There were miracles in the Houston flood. There was also a natural event where things happened according to the laws set down by Nature’s God. Both ideas are compatible and both fit what we know about the world. Nobody should be hasty in declaring what God has done while not being overly skeptical that God has acted.
God is a person who acts. God’s actions are often seen through His setting up Nature and allowing the laws He put in place in Nature to function. The regularity of the laws is good as it would be hard to live if God were whimsical or given to messing about as lesser beings like Thor would do if they were God and not merely gods. Hurricanes happen, because they are good for the ecology of the Earth. God willed Harvey, though not all our pain in Harvey.
Just as the direct reason for the temperature in my study is not me, but chemistry, so the direct cause of tropical storm Harvey is not God, but weather patterns. However, there is a personal cause for the temperature of my study: I set the thermostat and I like it chilly. This “setting” could have been done years ago, I might be out of the house, yet there is a personal cause for the temperature.
Is God responsible for Harvey? He is, in the sense that God made a system where it rains. God did not force humankind to build a city in Houston. He did not pick our zoning laws or the choices we made in flood protection. God did not make us m0ve here. God did not force us to drive on flooded highways. There is much God has done in setting up Nature and Nature’s laws, but much God leaves to other personal agents: humans, devils, angels, and whatever else has reason in this big universe.
There is a Divine Plan, but that plan is for every living being in the cosmos, a very big place. Human beings have been given free will and often we use that freedom badly. Coming to adulthood requires facing some consequences for those actions, though like any good parent, God minimizes the gratuitous suffering and maximizes the learning as God can. In addition, we are immortal beings and God rightly cares far more for our eternal, long term happiness, than our short term mortal happiness. He delights to give us both when He can, but when He cannot, then God does the best that can be done.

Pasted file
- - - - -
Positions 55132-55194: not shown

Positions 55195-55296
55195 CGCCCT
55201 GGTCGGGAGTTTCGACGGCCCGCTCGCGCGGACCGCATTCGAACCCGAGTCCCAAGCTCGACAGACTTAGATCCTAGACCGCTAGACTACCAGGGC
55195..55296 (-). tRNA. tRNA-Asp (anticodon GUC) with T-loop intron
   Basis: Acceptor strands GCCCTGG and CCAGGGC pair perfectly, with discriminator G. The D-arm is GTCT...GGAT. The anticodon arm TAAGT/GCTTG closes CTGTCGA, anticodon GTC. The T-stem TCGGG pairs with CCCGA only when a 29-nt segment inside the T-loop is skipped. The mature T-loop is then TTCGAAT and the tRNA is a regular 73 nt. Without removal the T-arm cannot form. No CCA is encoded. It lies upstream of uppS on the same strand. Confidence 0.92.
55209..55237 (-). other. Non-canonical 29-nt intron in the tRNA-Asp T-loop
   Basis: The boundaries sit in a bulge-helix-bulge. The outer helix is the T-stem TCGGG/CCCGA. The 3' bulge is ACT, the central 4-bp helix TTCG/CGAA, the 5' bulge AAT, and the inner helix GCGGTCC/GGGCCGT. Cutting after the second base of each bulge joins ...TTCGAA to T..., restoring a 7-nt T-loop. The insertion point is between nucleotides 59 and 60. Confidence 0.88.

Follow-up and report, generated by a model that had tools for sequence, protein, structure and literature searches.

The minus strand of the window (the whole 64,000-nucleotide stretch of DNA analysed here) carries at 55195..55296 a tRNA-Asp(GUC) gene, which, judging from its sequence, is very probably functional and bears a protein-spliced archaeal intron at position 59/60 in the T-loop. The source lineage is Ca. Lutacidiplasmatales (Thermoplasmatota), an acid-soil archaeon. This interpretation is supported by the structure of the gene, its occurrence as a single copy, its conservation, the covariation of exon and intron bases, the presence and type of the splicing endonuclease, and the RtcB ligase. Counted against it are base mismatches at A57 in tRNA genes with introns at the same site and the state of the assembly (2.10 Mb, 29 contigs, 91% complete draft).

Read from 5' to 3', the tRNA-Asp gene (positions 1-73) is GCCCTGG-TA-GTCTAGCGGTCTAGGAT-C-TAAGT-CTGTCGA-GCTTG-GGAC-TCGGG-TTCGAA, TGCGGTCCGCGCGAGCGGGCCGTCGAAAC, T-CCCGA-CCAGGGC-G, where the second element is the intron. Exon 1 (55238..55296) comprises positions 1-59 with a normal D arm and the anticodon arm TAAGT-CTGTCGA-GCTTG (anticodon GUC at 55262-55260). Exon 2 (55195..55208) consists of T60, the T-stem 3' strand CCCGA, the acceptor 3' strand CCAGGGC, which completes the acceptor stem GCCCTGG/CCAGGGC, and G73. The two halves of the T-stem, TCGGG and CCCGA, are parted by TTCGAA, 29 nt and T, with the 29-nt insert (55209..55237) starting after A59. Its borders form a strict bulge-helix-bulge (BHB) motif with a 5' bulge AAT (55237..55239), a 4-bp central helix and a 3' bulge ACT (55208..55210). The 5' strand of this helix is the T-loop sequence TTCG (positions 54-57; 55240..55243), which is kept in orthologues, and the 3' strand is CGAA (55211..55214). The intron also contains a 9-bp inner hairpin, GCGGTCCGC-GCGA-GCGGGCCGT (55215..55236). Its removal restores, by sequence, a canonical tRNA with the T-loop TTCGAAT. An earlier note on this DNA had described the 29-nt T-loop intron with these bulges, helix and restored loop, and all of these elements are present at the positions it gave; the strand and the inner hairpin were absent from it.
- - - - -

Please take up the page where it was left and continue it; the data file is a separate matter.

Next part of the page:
That makes fully understanding why God is doing as He is practically impossible. The variables are too great. God does know all the variables and He does take them into account. He intervenes where that intervention will be best for most as a loving Father. That isn’t as often as I would like, but evidently more often than atheists wish.
Did my house not flood, because God willed it? Indirectly, through natural law, I am guessing “yes.” However, the good choices of Sugar Land engineers, God bless them, were probably the proximate causes of this good event. Did it happen to me because I am a Christian and God loves me more? It did not. God loves all His children. Did I not face a flooded house through my virtue? This is absurd. The rain falls on the just and the unjust.
I can never assert why God chose what He chose except that God’s choice is rooted in His character: good, just, true.
If my house had flooded, thank God. My house did not flood: thank God. However, this I know: my dad prays about where to move and God leads Him. God led Daniel, Dad, and Mom from one place to another safe from the coming floods. Thank God. Dad asked and got an answer: here not there. Why doubt that the good God acted?
The usual response is to ask “why didn’t God warn so-and-so” or help that person move? I do not know. How could I? Would God tell me the details of their lives? Isn’t this a complex calculus about what would be best long term? This much is true: as simple beings, who know so little about what is really best, we wish to avoid immediate pain and long for immediate pleasure. God honors this as God can.
Sometimes God honors this by allowing the good that is built into nature to happen: good rain waters crops that we eat and enjoy.
Sometimes, however, we ask and God immediately answers in unexpected ways. We see the water rising, we pray, and the water falls backwards. We ask God to heal and the cancer retreats. I have seen such miracles: immediate, spectacular, a sign of the Good God. However, I have also seen God say “no” to healing, but provide the grace to help a man slip into eternity with joy. That is another type of miracle. God is good. The mistake is to think that one argues from this to God’s existence. No. We know God exists for other reasons, some philosophical and some experiential or personal. Having seen the character of this person, we trust His goodness. This is rational.
I do not know what God is saying to my good friends who were flooded. I bet they will tell me . . . over time. Meanwhile, today I will use that precious free will to help where I can and pray where I cannot. The Good God will do as a Good God can.